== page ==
Catching internet trolls

Posted: October 2nd, 2009 | Author: | Filed under: human rights, law, philosophy, politics, thoughts | 7 Comments »

We can never be sure that the opinion we are endeavoring to stifle is a false opinion; and if we were sure, stifling it would be an evil still.  John Stuart Mill, On Liberty, 1859

In the memokraat blog, the Short Guide to Catching Trolls (Lühike trolliküti käsiraamat ehk ettepanekud online diskussioonitehnoloogia arendamiseks Eestis) was posted discussing the issue of trolling at the reader comment sections of Estonian online news media sites. I briefly participated in the debate, but now will provide here an overview of some issues and questions that I have been thinking about since then.

1. Defining the troll. The Guide defines troll as someone who posts insulting comments in an online environment with the purpose of provoking others and disturb the discussion. What constitutes an insult, provocation or disturbance is subjective to a certain level and depends on the cultural and social background of a person. My comments for the Guide as posted in the comment thread could be considered trolling as at least some people thought that part of my arguments were arrogant (when I suggested that people who are so thin-skinned that they could not tolerate hostile commentary should not read it), the style I write and express my opinions is usually a little provocational and some people might think that it disturbed the discussion. Thus in a wide reading of the definition I am a troll and so is nearly anyone who does not conform to a certain subjective criteria defined by the owner of the site. The banning of such trolls as myself results in discussions that are perhaps non-insulting and uncontroversial, but at the same time also rather valueless in terms of expanding the scope of discussion and bringing in alternative views.

2. Defining the problems? The trollhunters claim that the problems are caused by the technology used for commenting at Estonian online news sites. They claim the technology used is to blame for the exclusion of certain other people (who in a bizarre twist are claimed to be unable to freely use their freedom of speech because they are afraid of others also using it but critically), that this leads to radicalisation of public opinion and intolerance and distorts public opinion. All these claims lack evidence, studies or any research: we are expected to accept these premises as self-evident, when they are actually not.

The biggest unsupported assumption the authors of the Guide make* is that the root of all evil is anonymous commenting, which may or may not be the case.

3. Freedom of speech in an online setting. It is true that freedom of speech is not absolute and the exercise of it also requires responsibility for one’s opinions. However, for acts that bring criminal liability there already is a possibility to identify almost anyone online so the anonymity is only superficial. Thus it is possible at least in theory to make people accountable for their words also now.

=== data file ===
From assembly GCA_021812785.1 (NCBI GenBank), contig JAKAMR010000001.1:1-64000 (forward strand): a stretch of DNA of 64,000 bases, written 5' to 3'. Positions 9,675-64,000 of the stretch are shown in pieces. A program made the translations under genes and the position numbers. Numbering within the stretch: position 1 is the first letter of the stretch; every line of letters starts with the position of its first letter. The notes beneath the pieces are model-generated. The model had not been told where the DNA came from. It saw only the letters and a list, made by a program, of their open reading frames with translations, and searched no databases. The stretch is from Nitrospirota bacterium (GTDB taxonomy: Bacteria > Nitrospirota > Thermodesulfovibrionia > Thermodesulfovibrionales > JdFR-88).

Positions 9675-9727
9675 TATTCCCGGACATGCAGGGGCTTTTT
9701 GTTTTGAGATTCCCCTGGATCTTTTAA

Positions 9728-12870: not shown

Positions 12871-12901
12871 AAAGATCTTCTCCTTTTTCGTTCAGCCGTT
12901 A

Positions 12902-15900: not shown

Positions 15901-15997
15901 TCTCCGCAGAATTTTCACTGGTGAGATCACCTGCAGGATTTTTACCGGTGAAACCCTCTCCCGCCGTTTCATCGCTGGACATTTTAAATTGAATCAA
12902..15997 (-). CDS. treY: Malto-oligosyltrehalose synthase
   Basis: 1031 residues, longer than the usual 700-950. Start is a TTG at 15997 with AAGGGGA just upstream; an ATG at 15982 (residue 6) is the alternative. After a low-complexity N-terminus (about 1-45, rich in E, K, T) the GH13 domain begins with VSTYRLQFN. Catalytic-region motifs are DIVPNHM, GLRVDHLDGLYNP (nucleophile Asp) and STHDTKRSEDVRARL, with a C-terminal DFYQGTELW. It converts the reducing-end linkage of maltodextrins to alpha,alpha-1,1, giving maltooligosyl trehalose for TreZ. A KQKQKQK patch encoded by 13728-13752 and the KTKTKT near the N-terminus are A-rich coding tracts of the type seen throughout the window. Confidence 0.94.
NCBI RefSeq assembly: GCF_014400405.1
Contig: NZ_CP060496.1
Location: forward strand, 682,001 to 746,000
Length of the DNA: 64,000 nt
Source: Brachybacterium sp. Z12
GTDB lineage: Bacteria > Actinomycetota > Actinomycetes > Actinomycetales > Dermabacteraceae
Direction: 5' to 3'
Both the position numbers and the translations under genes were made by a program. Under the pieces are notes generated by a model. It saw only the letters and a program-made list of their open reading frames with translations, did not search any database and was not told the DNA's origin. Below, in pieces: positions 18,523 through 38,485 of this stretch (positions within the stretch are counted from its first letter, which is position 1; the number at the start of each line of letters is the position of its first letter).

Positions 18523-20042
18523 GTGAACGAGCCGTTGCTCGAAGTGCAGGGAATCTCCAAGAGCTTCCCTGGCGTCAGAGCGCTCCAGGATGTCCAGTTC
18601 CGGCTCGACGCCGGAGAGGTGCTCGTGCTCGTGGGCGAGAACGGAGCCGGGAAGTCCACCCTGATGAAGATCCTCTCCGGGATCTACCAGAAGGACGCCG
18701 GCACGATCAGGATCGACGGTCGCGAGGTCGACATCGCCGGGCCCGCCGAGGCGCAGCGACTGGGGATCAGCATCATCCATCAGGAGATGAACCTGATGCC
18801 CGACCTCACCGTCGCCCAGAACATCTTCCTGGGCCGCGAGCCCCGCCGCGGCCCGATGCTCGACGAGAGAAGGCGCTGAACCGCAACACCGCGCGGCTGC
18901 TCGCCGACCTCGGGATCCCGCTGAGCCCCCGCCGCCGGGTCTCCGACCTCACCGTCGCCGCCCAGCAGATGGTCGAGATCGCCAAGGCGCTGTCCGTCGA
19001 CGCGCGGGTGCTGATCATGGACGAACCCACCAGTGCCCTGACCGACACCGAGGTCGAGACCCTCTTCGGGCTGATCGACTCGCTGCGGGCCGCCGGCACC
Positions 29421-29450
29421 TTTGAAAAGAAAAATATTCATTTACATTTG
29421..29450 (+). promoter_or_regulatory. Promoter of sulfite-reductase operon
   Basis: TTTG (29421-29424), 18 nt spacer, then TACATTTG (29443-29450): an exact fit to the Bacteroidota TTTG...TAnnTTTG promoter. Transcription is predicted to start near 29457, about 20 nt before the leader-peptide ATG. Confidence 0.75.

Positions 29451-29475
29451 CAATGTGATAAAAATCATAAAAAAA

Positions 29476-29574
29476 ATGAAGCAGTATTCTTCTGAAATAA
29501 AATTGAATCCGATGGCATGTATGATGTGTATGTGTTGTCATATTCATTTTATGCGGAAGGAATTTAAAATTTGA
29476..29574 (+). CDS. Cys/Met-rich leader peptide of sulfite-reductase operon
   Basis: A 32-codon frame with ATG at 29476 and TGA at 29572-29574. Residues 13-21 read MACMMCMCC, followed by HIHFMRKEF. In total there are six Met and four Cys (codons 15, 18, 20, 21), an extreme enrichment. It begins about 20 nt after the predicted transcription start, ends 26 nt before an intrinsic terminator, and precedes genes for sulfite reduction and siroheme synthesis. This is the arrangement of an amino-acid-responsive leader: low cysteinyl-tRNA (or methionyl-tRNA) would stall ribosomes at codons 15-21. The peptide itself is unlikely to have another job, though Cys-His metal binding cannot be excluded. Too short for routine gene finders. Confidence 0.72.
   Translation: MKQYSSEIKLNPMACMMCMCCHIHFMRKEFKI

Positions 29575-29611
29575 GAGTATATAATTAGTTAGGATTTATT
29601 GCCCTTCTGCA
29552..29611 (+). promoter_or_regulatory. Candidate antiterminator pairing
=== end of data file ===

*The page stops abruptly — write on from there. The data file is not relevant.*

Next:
50 years ago internet did not exist and therefore the human rights standards we have need to be adopted to the internet era. Certain principles remain the same, but the internet might change the content of certain rights subtantially, including freedom of speech. Offline analogies do not always work in the global unregulated internet with low barriers to entry.

4. Self-regulation is not always best when dealing with human rights issues. The trollhunters state that the least they want is state intervention or regulation. They propose a system of self-regulation, whereby the parties who control the commentary space make an agreement which is then adopted and implemented. In my mind it is dangerous when private entities make deals that involve limits to freedom of speech, because questions of accountability and transparency rise. I also believe that this might be even worse than state regulation, because the state is much more bound by international human rights obligations. So in cases that involve human rights I think it is preferential to have state regulation, rather than allow for private parties who control substantial public discussion space to make their own agreements to limit certain aspects of online activities. In many many spheres self-regulation is possible and works very well, but I am not sure if this is it.

In general terms there is another fundamental point why I think any regulation of online commentary space is not beneficial. Net neutrality means that content providers should not restrict specific parts of the internet depending on subjective criteria. The internet has flourished partly because of the freedom it provides and the abscence of walled gardens. What the trollhunters want to create is a walled garden, admittedly with very low walls, but still access to commenting would become more limited.